This year is set to be a busy year for employment law. From post-Brexit immigration rule changes and gender pay gap reporting to age discrimination at work, employers are faced with amended employment laws and new deadlines for their organisation to meet.  

Ten important areas of the law that HR professionals and business owners need to be aware of…

1: Increase in National Minimum Wage rates

The National Minimum Wage (NMW) increase in April 2019: Read more

House of Commons Short of Public Sector Apprenticeships Target

Former skills minister Robert Halfon called on the House to ‘set an example to our nation’ by hiring more apprenticesImage result for house of commons

The House of Commons has not yet hit the public-sector apprenticeship target, it has been revealed.

Public-sector bodies have a legal duty, established in the 2016 Enterprise Act, to “have regard” to the target of having at least 2.3 per cent of their workforce comprised of apprentices. Official guidance specifies that “public sector bodies with 250 or more staff in England have a target to employ an average of at least 2.3 per cent of their staff as new apprentice starts over the period of 1 April 2017 to 31 March 2021”.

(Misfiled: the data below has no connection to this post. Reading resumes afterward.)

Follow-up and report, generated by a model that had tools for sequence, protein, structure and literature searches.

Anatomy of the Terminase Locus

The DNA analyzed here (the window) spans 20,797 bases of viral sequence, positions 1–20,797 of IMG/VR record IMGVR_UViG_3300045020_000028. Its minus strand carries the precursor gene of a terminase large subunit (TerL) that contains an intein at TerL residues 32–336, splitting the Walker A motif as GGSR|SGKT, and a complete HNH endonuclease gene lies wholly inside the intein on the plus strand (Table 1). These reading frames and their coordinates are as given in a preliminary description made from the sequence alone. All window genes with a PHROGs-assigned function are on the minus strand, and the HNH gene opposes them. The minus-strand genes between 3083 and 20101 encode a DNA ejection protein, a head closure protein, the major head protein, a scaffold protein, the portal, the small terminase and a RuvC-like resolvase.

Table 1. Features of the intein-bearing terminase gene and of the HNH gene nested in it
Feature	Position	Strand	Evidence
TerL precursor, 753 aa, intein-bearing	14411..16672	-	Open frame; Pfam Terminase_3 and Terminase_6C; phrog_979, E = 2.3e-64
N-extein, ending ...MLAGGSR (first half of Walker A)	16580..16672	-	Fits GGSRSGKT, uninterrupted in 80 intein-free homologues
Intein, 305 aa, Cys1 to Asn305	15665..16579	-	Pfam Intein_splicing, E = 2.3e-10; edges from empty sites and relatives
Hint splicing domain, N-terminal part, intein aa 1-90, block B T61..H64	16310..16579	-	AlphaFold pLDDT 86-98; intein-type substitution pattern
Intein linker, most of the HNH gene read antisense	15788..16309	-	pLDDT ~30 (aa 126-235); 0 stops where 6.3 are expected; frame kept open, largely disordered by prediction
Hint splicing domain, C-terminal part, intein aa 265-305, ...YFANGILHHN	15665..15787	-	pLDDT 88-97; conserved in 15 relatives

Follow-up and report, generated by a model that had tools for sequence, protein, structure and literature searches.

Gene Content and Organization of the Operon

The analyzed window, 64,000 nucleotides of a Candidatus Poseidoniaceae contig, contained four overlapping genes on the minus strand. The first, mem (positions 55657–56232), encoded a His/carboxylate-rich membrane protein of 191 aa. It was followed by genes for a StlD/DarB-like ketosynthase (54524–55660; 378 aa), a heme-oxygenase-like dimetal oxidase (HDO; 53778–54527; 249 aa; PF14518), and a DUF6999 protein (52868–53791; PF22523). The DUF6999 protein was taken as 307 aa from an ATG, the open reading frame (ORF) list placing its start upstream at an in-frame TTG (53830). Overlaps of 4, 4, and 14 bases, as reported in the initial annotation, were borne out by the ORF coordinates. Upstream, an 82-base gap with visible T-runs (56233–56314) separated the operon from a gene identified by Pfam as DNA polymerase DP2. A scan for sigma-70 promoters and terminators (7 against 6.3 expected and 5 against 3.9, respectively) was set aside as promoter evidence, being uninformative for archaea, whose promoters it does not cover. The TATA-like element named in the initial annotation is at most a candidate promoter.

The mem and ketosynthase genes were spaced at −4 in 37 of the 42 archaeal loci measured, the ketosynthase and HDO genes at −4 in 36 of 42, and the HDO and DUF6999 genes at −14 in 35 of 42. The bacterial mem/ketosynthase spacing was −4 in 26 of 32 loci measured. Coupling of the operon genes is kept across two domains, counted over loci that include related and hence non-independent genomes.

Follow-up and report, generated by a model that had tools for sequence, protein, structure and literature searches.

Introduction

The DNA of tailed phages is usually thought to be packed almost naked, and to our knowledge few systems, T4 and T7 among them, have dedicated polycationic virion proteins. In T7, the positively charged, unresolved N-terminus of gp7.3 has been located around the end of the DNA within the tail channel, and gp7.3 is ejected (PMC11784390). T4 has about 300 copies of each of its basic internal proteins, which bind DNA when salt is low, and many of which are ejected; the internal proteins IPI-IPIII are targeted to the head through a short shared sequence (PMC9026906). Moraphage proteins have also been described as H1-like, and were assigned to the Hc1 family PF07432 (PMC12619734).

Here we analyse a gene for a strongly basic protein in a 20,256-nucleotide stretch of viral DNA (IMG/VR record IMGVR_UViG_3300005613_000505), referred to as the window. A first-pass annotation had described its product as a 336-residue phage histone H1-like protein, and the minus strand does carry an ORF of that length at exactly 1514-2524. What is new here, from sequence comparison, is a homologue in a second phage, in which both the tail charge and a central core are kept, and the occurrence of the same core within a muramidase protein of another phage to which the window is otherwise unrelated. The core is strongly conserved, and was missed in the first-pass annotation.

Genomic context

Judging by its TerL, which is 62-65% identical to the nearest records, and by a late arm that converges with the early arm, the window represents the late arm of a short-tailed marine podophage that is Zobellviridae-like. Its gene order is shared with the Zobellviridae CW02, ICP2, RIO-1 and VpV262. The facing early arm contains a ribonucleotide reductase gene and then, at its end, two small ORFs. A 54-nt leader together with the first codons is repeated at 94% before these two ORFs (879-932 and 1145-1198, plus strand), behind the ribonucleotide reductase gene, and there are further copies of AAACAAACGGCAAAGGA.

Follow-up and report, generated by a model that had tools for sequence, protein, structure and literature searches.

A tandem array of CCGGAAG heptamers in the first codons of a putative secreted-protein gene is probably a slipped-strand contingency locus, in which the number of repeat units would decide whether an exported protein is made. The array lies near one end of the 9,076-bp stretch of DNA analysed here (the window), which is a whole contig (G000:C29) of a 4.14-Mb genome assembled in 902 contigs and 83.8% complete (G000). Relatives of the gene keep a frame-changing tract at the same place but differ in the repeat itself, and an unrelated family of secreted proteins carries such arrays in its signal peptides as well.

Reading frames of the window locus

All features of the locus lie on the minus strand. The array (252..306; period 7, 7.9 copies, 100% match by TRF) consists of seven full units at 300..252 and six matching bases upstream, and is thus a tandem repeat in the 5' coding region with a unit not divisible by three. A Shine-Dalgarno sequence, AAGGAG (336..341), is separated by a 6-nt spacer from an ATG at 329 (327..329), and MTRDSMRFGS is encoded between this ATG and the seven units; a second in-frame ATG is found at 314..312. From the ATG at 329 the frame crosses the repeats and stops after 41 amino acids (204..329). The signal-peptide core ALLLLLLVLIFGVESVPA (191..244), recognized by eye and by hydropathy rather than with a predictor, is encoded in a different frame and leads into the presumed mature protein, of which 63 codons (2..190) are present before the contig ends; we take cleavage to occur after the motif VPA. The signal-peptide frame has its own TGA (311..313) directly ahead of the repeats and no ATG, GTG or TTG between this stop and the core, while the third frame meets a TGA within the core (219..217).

According to the Department for Education, the target has been calculated to ensure that the public sector delivers its “fair share” of the 3 million apprenticeship starts the government has committed to by 2020.

Read more

A Guide to Apprenticeships – Update 21 March 2019

The updated ‘A Guide to Apprenticeships’ provides information on the opportunities, progression and benefits of doing an apprenticeship with case studies from real apprentices.

The Essential Guide to Apprenticeship Support – provides information for individuals who are considering applying for an apprenticeship, and current apprentices. The information may also be useful for parents, carers and other groups who offer advice and guidance. Read more

Hard Facts Employers Should Consider Before Recruiting Young People Who Are NEET

James Ashall, Chief Executive, Movement to Work provides an insight into how organisations like BAE Systems, BT, Marks and Spencer and the NHS haveMovement to Workbenefited from looking deeper into the labour market.

Movement to Work works with businesses and organisations that have the imagination to give young people who need more support a chance in the workplace through placements and other job opportunities.

Together we have provided over 80,000 placements, and over 50% of those completing them have gone onto employment or back into education.

But, of course, many businesses need more than imagination, they must justify all of their decisions to investors, staff and customers. And the good news is they can. Recruiting this way makes financial sense through lower recruitment costs, ensures a high level of loyalty among incoming staff and improves the morale of existing staff. Read more